After patient consent, we performed unipolar hemiarthroplasty using a direct lateral approach . Intraoperative observation revealed grossly intact acetabular cartilage. In unipolar hemiarthroplasty, the femoral head component articulates directly with the acetabular cartilage . Each patient received either a press-fit or cemented, proximally porous-coated, titanium alloy Intermedics APR® II stem (Intermedics Orthopaedics, Inc, Austin, TX) with a modular pyrolytic carbon-coated head. Patients with poor bone stock, Dorr Type  C, were implanted with a cemented stem, whereas those with normal bone stock, Dorr Types A and B, received a press-fit stem. The Dorr bone classification describes the variation in femoral anatomy with Type A bone having a narrow canal and thick cortical walls and Type C bone having a wide canal and thin cortical walls. Type B bone is between Types A and C with a moderate canal with moderate cortical walls. The experimental component provided by the manufacturer was fabricated by depositing a 0.5-mm thick LTI pyrolytic carbon layer, at 1200°C, onto a graphite substrate preformed into a modular femoral head component . The pyrolytic carbon contained a silicon alloy and had a surface porosity of 5 to 10 μm. The elastic modulus of pyrolytic carbon (13.7 GPa)  was similar to human cortical bone (13.7 GPa) but much lower than certain prosthesis materials (eg, 186-GPa zirconia) . The graphite substrate had an elastic modulus of 11 GPa and compression strength of 137.9 MPa. Together, the graphite substrate and pyrolytic carbon coating produced promising mechanical properties (wettability, brittleness, and hardness) for use in hemiarthroplasty.
Postoperative rehabilitation was performed according to a standardized protocol, which used home health physiotherapy including a walker, limited weightbearing up to 20 pounds for the first 6 weeks, and progressed as tolerated thereafter. Patients were followed up at 3 months, 6 months, 1 year, and annually thereafter. Radiographs were taken (anteroposterior, frog leg lateral, and crosstable lateral) at each interval. Postoperative radiographs were evaluated by one of the authors (TLB) to rule out component loosening by assessment for radiolucency around fixation surfaces, progressive radiolucencies, pedestal formation, implant migration, or joint space narrowing. In patients who underwent revision surgery, direct assessment of femoral component stability was performed at the time of the operation by the surgeon.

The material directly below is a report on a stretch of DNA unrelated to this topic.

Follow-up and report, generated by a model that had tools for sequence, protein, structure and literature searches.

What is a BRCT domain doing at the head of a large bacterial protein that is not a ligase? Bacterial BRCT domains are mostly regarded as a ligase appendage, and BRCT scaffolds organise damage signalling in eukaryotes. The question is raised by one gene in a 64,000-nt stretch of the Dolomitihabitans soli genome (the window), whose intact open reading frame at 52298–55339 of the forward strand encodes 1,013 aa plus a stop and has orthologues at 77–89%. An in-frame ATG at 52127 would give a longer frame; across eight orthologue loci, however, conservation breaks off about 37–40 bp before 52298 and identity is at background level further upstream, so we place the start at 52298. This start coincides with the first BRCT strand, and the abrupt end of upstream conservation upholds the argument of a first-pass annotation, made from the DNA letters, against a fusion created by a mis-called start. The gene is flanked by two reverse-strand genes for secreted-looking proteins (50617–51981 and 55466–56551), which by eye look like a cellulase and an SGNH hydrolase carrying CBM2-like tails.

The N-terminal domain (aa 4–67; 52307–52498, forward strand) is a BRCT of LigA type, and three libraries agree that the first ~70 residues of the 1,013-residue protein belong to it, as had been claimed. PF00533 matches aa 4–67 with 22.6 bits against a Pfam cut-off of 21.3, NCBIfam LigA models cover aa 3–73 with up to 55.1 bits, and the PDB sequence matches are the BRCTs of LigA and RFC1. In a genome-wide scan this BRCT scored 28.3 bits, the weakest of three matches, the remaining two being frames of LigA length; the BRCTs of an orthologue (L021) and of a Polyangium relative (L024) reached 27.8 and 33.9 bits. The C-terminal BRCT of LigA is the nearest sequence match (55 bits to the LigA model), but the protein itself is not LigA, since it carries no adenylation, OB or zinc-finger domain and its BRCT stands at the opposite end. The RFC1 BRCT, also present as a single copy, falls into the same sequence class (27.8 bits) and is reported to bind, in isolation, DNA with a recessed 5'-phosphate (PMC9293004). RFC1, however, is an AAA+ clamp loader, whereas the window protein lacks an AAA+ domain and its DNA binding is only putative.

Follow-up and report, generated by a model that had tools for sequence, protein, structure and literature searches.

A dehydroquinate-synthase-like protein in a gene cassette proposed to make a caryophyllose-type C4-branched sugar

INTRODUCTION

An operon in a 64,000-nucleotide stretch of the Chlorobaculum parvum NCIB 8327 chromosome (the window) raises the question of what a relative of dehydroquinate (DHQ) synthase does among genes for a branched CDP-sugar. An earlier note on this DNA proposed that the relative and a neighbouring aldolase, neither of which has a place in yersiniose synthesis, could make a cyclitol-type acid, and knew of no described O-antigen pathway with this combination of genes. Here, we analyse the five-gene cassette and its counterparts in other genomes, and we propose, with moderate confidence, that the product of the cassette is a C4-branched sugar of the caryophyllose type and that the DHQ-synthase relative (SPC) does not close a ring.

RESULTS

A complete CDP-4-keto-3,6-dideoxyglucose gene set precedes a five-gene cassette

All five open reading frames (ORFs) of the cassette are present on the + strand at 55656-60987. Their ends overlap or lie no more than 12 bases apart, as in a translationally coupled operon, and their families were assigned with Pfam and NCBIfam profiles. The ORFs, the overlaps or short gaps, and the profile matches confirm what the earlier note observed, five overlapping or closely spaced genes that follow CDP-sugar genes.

One patient (10%) in the fracture group underwent conversion to THA 6.5 years postoperatively as a result of severe pain and arthritic progression. Five of the seven patients with ON (71.4%) underwent conversion to THA at a mean of 22.2 months postoperatively (range, 6–51 months), owing to severe groin and gluteal pain (Table 1). At revision surgery, all five patients had accelerated acetabular wear as assessed by direct observation. Of the two remaining patients, one died 10 months postoperatively secondary to renal failure and was unavailable for long-term followup. This patient had ON develop as a result of renal transplantation, and the implant material had no indication or relevance to his death. The other patient had conversion to THA 55 months posthemiarthroplasty owing to arthritis progression with protrusion. In this patient, the stem was retained, but the head was exchanged to match the acetabular cup. Gross inspection of the retrieved modular heads revealed no evidence of surface disruption, delamination, or third-body particles. Operative findings were most consistent with arthritis progression as evidenced by cartilage thinning and eburnation in all cases. All femoral components but one were stable and retained at the time of revision surgery. Revision or conversion to THA was performed to treat the pain and acetabular wear seen in the patients with failed prostheses. Severe groin and gluteal pain was the primary reason for revision.